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QUT professor awarded Australian Laureate Fellowship

A QUT project to help Australia thrive in the Big Data Era has been awarded $2.4 million in a prestigious round of research funding

Queensland University of Technology

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IMAGE: Professor Kerrie Mengersen, from QUT's Science and Engineering Faculty, was one of only 15 new ARC Australian Laureate Fellows. view more

Credit: Erika Fish, QUT Media.

A QUT project to help Australia thrive in the Big Data Era has been awarded $2.4 million in a prestigious round of research funding.

Professor Kerrie Mengersen, from QUT's Science and Engineering Faculty, was one of only 15 new ARC Australian Laureate Fellows.

Her research project, Bayesian Learning for Decision Making in the Big Data Era, was awarded $2.4 million over five years. It was one of two research projects in mathematical sciences to be funded, with QUT among just eight universities in the country to receive funding.

The project will transform the way in which Australia is equipped to prosper in the Big Data Era by translating statistical knowledge to real-world challenges in industry, environment and health - from mapping cancer to monitoring the health of the Great Barrier Reef.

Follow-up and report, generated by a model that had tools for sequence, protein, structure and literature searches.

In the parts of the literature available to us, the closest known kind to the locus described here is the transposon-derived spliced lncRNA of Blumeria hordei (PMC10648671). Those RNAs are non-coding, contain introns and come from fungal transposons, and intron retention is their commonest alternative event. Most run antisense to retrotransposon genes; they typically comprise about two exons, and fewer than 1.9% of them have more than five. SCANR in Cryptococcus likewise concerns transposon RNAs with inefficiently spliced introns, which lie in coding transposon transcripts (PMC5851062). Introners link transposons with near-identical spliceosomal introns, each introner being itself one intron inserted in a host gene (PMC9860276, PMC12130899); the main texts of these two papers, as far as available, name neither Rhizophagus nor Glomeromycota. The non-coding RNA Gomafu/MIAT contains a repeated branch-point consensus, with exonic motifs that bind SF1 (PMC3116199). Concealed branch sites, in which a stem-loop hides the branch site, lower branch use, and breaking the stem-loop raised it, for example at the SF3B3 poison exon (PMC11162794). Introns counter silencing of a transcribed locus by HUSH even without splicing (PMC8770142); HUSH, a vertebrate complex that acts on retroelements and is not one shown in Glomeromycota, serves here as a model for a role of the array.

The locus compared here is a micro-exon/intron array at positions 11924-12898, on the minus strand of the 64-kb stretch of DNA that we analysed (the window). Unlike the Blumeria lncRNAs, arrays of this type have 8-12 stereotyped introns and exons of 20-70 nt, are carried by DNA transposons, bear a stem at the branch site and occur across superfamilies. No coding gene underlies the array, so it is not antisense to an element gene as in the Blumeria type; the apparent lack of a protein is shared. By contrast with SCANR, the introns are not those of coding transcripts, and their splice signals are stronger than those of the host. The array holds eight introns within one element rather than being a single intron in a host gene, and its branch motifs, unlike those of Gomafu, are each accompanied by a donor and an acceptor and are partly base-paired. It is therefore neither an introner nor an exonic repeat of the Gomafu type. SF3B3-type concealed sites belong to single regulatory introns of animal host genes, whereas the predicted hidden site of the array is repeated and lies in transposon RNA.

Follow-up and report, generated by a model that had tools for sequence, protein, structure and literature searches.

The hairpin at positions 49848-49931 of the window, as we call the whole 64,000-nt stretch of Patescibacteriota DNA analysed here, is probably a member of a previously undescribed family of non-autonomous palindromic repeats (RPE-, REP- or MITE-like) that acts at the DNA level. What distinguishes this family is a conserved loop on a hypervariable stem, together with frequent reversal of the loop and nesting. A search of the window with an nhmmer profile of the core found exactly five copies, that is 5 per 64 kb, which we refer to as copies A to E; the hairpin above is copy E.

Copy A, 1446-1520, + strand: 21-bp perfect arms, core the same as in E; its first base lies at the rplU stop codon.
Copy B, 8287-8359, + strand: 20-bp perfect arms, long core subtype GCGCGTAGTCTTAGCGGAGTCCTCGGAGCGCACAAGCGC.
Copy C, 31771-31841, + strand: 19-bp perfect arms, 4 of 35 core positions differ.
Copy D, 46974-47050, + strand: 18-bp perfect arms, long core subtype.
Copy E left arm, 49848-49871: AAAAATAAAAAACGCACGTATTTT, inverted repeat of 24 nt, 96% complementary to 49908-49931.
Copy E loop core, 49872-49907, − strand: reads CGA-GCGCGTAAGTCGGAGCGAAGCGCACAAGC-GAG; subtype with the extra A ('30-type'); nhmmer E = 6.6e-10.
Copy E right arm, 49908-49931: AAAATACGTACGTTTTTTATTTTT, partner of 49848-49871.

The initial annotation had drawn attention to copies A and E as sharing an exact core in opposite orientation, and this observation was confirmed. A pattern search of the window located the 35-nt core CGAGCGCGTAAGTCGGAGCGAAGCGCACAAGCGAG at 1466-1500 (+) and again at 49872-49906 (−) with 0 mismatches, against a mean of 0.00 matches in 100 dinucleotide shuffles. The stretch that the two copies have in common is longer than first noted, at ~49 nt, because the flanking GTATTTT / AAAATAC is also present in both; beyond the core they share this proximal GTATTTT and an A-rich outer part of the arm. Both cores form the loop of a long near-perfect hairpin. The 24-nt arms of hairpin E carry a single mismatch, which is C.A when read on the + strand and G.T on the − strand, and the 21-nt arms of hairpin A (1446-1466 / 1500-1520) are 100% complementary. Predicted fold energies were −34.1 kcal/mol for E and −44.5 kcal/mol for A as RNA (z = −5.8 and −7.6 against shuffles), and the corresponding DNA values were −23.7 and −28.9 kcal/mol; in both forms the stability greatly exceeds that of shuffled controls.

Professor Mengersen, who is also Deputy Director and a Chief Investigator at the ARC Centre of Excellence for Mathematical and Statistical Frontiers, said the challenge of big data was how to use it effectively.

"Every organisation and individual can now access and generate a huge amount of data from very many sources," she said.

"The big question is 'now that we have it, what do we do with it?' Organisations, governments, schools and communities are thinking about how best to use their data and we need now, more than ever, to be smart about how we use it so we can make valid, evidence-based decisions."

The Fellowship will focus on a "step-change" in Bayesian Statistics, which has been around for more than two centuries.

"Bayesian statistics is the original way of doing statistics, but its focus has traditionally been on smaller datasets," she said.

"The challenge now is to 'scale up' Bayesian statistics, and this will require new models, new analytic tools and new ways of making inferences and decisions."

Professor Mengersen said the new knowledge would be translated into addressing real-world problems.

"Some of these will be new, and some will build on current projects, including understanding and improving health, conservation of threatened species and monitoring the health the Great Barrier Reef, and modelling large industry and business systems such as airports and agriculture," she said.

"The new big data statistical analysts trained through the project could also create much needed capacity at national and international levels."

Professor Mengersen thanked QUT for its support and commitment to statistical research.

"It's so important to work in a university environment that is so supportive of maths and statistics," she said.

"I think QUT is one of the best universities in the country in this regard."

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